Coming Out Doesn’t Have To Be a Horror Story | Sojourners

Coming Out Doesn’t Have To Be a Horror Story

On the rare media depictions of religious parents embracing their children's queerness.
The image shows two girls in pink, the one in the front is holding a small electric fan, and the one in the back is holding onto the other girls' arm.
From XO, Kitty

IN THE GEN-Z romance XO, Kitty, Netflix platformed an uncommonly tender father-daughter exchange. “I have feelings for my friend Yuri, who’s a girl,” says Kitty, an American attending high school in Seoul, Korea. Speaking to her father across continents and generations, she’s visibly nervous to come out. He’s nervous too, but only because his daughter called him in the middle of the night. “Oh, thank God,” he exhales. Confused, she asks, “Thank God I’m bi? Or pan? Or fluid?” He smiles. “Whatever pan or fluid is, thank God you’re safe and healthy.”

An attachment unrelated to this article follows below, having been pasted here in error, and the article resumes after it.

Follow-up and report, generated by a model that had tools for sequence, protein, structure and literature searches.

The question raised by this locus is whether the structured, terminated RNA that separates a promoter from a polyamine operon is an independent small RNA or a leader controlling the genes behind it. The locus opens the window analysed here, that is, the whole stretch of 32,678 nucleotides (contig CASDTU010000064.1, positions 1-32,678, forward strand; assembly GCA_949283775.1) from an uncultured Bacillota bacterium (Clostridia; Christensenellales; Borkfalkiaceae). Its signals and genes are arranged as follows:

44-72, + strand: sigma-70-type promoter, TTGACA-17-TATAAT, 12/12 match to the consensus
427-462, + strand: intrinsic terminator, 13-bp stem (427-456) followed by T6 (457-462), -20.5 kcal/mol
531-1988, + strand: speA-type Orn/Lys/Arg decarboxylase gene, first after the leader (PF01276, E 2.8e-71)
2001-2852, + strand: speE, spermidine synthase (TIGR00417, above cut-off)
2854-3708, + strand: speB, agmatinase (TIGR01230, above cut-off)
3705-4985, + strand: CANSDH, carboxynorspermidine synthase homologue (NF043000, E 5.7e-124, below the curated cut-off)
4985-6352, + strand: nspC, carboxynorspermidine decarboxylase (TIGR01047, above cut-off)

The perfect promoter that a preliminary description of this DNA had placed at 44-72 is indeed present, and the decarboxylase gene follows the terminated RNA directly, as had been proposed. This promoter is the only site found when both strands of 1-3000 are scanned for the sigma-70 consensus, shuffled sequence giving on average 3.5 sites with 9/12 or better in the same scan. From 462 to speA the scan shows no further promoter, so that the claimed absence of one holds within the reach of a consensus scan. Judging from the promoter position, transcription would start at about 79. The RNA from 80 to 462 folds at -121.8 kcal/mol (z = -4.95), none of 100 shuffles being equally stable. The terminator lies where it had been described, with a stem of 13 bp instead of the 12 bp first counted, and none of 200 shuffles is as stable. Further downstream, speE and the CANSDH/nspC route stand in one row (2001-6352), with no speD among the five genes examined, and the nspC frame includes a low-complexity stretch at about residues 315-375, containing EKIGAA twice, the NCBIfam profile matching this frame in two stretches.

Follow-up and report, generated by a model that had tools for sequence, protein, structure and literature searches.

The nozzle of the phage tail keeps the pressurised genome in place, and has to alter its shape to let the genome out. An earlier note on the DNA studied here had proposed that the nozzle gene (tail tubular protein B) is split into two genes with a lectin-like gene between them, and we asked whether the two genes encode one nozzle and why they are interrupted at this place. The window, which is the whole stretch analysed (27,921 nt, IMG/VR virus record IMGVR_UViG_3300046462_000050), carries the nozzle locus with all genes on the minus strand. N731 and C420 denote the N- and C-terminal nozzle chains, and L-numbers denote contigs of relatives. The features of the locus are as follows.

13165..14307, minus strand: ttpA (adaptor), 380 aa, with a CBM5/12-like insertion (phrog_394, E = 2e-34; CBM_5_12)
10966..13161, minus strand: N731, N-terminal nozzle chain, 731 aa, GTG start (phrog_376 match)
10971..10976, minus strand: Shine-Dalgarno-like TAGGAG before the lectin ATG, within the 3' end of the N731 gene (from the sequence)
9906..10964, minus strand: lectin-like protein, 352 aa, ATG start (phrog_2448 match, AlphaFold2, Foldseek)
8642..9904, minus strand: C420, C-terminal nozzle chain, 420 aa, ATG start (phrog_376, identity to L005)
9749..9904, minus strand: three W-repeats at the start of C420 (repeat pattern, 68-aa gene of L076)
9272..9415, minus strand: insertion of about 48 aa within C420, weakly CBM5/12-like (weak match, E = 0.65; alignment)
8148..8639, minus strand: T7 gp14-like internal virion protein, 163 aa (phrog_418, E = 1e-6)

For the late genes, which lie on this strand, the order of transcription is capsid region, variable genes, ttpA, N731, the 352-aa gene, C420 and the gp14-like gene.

I realize it’s doubtful the father is literally engaging the divine here — I don’t even know if he’s Christian — but I’ll take what I can get. Depictions of religious parents embracing their children’s queerness are rare. Christian coming-out stories are usually serious dramas, not binge-worthy rom-coms.

Read the Full Article

The cover is a collage of a young Black couple on an upside down, blue background. Their clothing is made up of old maps of Athens Georgia
​You've reached the end of our free magazine preview. For full digital access to Sojourners articles for as little as $3.95, please subscribe now. Your subscription allows us to pay authors fairly for their terrific work!
Subscribe Now!